From a MadInAmerica blogpost by Jim Gottstein“
That means that the government could identify particular individuals as being threatening in their thoughts or ideas and, using psychiatry, establish false pretense of “governmental interests” and chemically restrain a person into mute delirious defenselessness.
They could take a person and drug them and detain them, because their ideas and expression, the people they know, present “a threat to the United States of America.” Using language and dangerous memes that levy on fear and utilize oppression, they could take a person down…create an alarmist claim, a set of conspiracy charges, hold people and drug them, do whatever they want to them…that’s horrifying.
In this day of well-publicized surveillance and NDAA, of Stratfor and DHS, of language that states that a certain “belligerence” is punishable as a threat, that the mention of certain words or subjects may well raise eyebrows, where are we left – the people who really do want the United States to dismantle itself?
Why am I not allowed to criticize my country? Why am I not allowed to acknowledge my perception of this tragic failure of a brief endeavor in world history?
Does the fact that I am thinking about ALL OF THIS from a Big Time perspective make any difference at all?
Countries come and go, systems change. Dysfunctional systems inevitably destroy themselves. This is Law.
However, what is also Law is the oppression of idea and expression for the purpose of regimenting culture in such a way that Systems and Profit and Power become the dominant determinants of what is right and what is wrong. What’s good for the gander, is…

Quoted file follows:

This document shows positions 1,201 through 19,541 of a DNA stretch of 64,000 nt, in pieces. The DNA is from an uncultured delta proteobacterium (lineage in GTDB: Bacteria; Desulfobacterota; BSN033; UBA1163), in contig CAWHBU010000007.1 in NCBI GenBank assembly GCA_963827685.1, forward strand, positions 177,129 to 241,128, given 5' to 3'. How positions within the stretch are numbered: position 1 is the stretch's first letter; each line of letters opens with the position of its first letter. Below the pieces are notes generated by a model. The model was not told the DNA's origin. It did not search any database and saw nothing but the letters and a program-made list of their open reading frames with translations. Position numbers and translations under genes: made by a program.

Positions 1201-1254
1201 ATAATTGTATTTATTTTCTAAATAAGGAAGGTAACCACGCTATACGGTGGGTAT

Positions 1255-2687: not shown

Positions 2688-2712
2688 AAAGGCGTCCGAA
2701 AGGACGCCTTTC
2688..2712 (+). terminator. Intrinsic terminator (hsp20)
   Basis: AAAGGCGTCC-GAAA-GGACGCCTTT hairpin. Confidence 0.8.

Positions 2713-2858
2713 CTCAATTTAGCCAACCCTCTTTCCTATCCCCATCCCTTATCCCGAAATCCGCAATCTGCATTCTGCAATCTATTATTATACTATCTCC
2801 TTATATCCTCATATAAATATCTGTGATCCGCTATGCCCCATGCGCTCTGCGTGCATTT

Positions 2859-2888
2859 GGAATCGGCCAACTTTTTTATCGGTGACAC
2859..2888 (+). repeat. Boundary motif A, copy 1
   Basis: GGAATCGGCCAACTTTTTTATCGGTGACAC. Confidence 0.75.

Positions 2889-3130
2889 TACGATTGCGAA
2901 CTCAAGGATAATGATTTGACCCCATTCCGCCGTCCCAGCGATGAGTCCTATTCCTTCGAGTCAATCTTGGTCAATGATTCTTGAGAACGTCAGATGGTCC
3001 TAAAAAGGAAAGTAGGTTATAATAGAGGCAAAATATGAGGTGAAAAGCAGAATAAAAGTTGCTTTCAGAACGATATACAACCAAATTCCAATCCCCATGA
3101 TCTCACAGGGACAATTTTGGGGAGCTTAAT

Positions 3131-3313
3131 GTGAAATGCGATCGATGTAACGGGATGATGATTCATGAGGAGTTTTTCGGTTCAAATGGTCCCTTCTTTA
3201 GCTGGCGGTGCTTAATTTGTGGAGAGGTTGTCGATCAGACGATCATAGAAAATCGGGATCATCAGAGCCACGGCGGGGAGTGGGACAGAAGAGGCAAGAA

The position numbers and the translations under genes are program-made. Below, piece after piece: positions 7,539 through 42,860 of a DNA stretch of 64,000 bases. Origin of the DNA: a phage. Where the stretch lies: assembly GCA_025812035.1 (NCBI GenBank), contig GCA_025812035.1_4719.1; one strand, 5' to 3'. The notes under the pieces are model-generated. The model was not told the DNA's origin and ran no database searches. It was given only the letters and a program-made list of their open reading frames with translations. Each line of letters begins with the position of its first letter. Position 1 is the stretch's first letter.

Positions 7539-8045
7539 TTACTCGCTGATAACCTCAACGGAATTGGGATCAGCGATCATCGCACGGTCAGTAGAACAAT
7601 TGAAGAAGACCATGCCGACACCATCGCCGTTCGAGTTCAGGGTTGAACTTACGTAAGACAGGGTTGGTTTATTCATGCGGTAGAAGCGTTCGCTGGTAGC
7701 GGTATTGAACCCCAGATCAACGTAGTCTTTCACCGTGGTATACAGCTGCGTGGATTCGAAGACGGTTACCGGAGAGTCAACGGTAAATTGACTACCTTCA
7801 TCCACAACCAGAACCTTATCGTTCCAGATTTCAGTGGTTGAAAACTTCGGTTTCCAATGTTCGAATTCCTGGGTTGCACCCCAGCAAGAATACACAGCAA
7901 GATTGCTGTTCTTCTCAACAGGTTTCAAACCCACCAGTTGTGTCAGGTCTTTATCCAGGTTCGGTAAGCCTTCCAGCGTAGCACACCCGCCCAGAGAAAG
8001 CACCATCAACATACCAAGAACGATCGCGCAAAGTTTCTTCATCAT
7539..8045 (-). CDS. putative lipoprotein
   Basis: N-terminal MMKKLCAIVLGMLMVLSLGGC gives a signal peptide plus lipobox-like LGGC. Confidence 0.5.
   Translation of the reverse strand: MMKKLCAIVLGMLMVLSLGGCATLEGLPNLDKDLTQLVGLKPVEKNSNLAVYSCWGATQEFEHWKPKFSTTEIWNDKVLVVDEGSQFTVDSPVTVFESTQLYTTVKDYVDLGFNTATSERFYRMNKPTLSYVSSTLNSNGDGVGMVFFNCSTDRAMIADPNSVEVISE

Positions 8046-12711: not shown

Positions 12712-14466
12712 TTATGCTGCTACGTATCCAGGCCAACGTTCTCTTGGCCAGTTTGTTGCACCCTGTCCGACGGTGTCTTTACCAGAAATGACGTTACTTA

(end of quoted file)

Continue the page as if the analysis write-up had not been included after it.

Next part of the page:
Really bad for someone like me, who tends to get a little caught up in ideas. I toe some fine lines. Because I am good at taking perspective, I often write things that are intended to be triggering to anyone who holds a “surveilling for Systems” perspective. I do this because I think it’s funny and ridiculous, the thought that poetry is terrorism.
The world was built on the breaking of ideas.
You know, I probably sound somewhat paranoid at times. I’m not. If you call the FBI, email the Pope, and talk to Adbusters in the span of one month, documented in 2010, if your last name was once Faruq, if you post clumsy Arabic, if you know anybody anywhere, if you intentionally and with great verve assert your certainty that the Systems of Profit and Power must be reformed, dismantled, etc. etc.
…and if you set the whole thing up as such…because you thought this was a brilliant idea, a good story…
I prepare myself for every possible eventuality, even the strong possibility that nothing will happen. It’s all a big experiment. I have measured the possible outcomes. In all my thinking about this, I always held a certainty that things would be okay.
I didn’t really reckon with the fact that the Government has the power to claim whatever it wants and to enforce that claim however they see fit. I didn’t reckon with the fact that they might not find me so “special” as I’d hoped.
I am, however, fairly special though and they know this. I wrote it all in.
If they bother me, people will know and they will look at these ideas…which are not ideas, but the opposite of an idea…a deconstruction of idea, a formula for taking apart the elements and disproving their validity, thus nullifying the notion as a whole.